Thursday, February 25, 2016

Review: The Lies of Locke Lamora by Scott Lynch

The Lies of Locke Lamora (Gentleman Bastard, #1)Title: The Lies of Locke Lamora
Author: Scott Lynch
Publisher/Publication Date: Del Rey, June 26, 2007
Genre: High Fantasy
Format/Source: Mass Market Paperback, Purchased

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Synopsis from Goodreads....

The Thorn of Camorr is said to be an unbeatable swordsman, a master thief, a ghost that walks through walls. Half the city believes him to be a legendary champion of the poor. The other half believe him to be a foolish myth. Nobody has it quite right.

Slightly built, unlucky in love, and barely competent with a sword, Locke Lamora is, much to his annoyance, the fabled Thorn. He certainly didn't invite the rumors that swirl around his exploits, which are actually confidence games of the most intricate sort. And while Locke does indeed steal from the rich (who else, pray tell, would be worth stealing from?), the poor never see a penny of it. All of Locke's gains are strictly for himself and his tight-knit band of thieves, the Gentlemen Bastards.

Locke and company are con artists in an age where con artistry, as we understand it, is a new and unknown style of crime. The less attention anyone pays to them, the better! But a deadly mystery has begun to haunt the ancient city of Camorr, and a clandestine war is threatening to tear the city's underworld, the only home the Gentlemen Bastards have ever known, to bloody shreds. Caught up in a murderous game, Locke and his friends will find both their loyalty and their ingenuity tested to the breaking point as they struggle to stay alive...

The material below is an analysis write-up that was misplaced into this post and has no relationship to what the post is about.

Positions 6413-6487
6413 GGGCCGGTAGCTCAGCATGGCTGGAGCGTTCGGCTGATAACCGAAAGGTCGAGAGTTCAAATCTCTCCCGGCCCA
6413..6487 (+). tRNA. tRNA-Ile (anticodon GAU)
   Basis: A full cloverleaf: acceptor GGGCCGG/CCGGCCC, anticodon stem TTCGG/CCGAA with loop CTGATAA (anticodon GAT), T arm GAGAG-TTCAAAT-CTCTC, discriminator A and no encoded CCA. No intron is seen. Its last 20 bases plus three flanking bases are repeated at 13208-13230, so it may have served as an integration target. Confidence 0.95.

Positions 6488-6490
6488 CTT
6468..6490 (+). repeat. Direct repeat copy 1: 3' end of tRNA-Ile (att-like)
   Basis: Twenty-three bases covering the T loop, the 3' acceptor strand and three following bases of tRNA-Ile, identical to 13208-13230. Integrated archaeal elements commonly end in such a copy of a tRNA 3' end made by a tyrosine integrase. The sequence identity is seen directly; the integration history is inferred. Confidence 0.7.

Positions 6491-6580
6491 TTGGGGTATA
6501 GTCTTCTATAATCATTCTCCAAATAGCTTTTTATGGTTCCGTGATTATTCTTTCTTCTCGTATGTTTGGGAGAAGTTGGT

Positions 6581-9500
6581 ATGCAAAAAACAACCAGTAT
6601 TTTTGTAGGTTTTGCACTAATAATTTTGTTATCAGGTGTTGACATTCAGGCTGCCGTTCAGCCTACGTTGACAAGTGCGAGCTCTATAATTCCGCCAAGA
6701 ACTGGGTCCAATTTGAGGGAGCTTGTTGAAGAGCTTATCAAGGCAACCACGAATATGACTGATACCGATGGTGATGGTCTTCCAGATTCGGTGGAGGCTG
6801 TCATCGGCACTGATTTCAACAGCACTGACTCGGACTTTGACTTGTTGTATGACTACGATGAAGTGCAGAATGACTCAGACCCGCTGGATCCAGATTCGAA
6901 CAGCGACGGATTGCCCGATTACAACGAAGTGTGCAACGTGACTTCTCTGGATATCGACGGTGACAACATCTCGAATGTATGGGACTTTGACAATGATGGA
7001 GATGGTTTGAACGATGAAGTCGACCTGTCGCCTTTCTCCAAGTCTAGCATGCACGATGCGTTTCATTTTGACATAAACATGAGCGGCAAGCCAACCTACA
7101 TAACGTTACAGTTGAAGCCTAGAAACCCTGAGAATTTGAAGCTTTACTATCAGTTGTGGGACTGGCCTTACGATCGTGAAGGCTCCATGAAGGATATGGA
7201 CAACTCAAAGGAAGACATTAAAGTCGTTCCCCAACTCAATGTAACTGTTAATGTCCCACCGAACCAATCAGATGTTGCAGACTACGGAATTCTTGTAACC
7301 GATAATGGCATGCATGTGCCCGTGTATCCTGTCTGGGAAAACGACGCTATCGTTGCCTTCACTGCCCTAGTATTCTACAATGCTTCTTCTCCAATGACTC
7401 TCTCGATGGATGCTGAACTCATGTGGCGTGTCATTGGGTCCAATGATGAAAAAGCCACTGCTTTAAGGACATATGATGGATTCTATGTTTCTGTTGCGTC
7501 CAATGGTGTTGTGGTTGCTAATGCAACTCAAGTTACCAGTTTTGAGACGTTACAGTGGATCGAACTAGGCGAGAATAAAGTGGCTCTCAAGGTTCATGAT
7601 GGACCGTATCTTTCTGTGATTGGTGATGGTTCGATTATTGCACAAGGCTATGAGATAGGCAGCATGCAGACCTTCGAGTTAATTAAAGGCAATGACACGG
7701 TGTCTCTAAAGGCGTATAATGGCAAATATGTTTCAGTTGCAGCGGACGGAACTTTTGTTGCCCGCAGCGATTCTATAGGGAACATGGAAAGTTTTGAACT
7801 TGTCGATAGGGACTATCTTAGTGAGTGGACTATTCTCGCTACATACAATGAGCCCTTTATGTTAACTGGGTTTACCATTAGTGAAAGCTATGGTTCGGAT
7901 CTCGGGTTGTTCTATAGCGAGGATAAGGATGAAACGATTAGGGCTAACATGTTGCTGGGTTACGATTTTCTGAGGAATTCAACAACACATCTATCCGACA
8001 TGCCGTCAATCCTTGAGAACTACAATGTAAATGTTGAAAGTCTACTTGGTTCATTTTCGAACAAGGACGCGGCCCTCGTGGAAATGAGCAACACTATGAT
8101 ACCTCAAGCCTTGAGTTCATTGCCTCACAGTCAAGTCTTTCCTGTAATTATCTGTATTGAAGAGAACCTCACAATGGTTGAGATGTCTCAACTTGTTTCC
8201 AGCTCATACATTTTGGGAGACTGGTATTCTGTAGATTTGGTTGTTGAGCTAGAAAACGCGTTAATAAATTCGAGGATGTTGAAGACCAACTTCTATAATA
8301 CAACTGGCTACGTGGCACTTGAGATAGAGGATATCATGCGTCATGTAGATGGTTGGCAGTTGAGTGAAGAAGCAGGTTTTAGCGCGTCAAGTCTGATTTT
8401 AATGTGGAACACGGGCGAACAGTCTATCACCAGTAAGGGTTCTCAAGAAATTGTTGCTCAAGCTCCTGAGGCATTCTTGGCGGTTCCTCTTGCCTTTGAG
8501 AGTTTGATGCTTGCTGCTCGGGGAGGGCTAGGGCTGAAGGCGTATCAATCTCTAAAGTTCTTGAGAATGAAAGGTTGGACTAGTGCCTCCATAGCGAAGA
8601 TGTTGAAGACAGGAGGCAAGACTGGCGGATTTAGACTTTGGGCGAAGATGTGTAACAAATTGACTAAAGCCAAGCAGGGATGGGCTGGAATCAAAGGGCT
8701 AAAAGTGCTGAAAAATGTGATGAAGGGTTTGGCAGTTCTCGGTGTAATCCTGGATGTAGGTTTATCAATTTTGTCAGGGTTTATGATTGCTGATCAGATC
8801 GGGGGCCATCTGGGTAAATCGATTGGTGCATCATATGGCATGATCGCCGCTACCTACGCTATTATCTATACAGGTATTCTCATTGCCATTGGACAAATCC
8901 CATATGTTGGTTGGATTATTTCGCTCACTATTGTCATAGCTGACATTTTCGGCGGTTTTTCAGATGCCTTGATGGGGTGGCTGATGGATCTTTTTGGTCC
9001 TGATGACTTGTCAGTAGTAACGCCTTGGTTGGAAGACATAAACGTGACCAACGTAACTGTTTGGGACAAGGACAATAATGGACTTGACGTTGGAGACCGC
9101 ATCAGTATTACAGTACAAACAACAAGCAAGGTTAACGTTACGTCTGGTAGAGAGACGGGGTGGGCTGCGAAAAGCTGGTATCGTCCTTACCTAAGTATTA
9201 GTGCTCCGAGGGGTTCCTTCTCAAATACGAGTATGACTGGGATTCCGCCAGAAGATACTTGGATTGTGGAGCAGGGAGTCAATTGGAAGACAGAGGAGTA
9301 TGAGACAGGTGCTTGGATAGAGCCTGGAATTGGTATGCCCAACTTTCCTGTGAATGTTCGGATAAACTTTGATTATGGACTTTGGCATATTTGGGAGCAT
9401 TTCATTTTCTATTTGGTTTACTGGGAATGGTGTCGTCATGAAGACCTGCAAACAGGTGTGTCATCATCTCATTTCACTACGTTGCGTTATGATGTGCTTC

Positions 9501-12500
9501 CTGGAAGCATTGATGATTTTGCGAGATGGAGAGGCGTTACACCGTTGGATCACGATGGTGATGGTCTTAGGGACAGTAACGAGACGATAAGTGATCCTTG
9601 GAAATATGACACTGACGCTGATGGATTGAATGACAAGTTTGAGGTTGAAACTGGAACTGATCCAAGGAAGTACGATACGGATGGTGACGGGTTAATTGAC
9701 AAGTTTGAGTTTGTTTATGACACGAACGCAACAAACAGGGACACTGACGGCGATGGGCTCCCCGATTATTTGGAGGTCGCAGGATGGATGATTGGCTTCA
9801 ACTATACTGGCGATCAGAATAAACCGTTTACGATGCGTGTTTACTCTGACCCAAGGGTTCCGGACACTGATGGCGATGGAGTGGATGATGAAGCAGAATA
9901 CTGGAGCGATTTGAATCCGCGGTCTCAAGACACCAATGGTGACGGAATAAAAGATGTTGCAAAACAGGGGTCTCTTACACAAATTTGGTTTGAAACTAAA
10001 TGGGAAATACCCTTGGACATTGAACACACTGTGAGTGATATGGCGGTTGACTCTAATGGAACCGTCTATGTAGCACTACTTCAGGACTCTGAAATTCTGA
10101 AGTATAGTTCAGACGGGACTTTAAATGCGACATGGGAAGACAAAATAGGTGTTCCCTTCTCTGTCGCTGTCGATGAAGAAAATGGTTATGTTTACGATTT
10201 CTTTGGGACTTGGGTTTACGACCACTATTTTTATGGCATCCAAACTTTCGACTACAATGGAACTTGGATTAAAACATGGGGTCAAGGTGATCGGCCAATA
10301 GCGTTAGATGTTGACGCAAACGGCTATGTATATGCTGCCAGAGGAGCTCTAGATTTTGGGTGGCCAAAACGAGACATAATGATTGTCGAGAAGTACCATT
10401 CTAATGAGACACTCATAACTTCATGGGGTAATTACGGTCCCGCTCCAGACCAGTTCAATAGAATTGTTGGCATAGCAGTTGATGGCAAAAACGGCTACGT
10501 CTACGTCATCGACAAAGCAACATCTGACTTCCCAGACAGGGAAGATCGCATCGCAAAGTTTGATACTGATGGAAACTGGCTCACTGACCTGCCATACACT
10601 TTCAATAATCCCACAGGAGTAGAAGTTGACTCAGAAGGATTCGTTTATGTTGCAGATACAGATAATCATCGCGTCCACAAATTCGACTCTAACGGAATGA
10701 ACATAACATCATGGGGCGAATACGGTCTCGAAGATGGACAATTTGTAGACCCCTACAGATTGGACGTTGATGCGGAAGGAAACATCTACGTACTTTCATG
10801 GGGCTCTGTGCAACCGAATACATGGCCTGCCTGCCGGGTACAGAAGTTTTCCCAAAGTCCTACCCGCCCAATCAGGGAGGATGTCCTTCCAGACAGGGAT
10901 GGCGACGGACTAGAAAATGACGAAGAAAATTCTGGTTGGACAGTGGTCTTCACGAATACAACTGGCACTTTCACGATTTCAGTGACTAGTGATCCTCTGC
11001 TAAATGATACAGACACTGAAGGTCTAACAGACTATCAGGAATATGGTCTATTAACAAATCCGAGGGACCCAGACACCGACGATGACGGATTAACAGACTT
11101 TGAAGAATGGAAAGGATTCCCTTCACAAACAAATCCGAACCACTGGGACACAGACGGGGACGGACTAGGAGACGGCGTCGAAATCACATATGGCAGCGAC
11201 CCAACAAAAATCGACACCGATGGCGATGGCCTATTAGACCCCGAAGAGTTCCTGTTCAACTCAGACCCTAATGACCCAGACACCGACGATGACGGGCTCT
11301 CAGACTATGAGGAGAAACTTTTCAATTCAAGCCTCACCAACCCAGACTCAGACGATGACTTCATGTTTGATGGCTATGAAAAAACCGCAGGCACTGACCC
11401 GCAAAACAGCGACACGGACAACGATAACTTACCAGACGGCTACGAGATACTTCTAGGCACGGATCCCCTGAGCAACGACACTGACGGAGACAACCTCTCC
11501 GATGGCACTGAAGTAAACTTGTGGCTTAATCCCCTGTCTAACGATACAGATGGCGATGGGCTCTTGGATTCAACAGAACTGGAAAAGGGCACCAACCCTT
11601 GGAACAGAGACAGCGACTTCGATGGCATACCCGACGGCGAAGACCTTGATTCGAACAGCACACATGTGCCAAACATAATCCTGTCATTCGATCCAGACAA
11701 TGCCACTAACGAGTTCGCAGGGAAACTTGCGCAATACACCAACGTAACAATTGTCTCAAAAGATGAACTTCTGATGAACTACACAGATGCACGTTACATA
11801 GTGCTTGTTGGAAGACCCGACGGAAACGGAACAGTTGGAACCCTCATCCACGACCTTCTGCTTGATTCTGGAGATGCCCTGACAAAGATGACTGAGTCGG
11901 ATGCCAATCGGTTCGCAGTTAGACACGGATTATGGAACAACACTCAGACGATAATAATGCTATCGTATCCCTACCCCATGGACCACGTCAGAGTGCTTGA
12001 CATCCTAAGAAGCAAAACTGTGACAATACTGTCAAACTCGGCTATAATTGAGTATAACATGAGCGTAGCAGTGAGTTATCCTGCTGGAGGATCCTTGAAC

My Thoughts:

This book has been on my radar for a long time. I purchased my copy a while ago but just never got around to reading it until recently. I am glad that I took the time to sit down and get to it because I’ve been missing out. It was absolutely fantastic from start to finish, with many characters that fell way into the morally gray area, but were well-developed. Plus, their story was downright interesting.

In short: Honesty takes a backseat in the world of The Lies of Locke Lamora by Scott Lynch—especially when Locke was involved.

The title says it all. The book was about lies and a group of thieves who were about to pull off their biggest hit yet. Combined with a fantasy setting, well, the concept was just really cool and made for one heck of a story. Locke is one of my favorite characters, he makes mistakes, he's greedy, and he's just a downright unscrupulous character. The story revolves around him and his fellow partners in crime as they get wrapped up in the troubles plaguing Camorr’s seedy underworld.

The story was done so well that despite the length, it was full of action and tension mixed with the right amount of mystery. Oh, and not to forget the heist, that was good too. One of my favorite parts was the dynamic surrounding the sort-of-peace between the “Right People” and the ruling/wealthy class of Camorr. It was an interesting set-up. Another thing that this book does well is show how quickly situations can change—how even the best laid plans still have room for error.

At the end of the day, The Lies of Locke Lamora was a great fantasy novel and a new favorite. I still have some questions, so I definitely want to check out Red Seas Under Red Skies when I get the chance.

Rating 5/5

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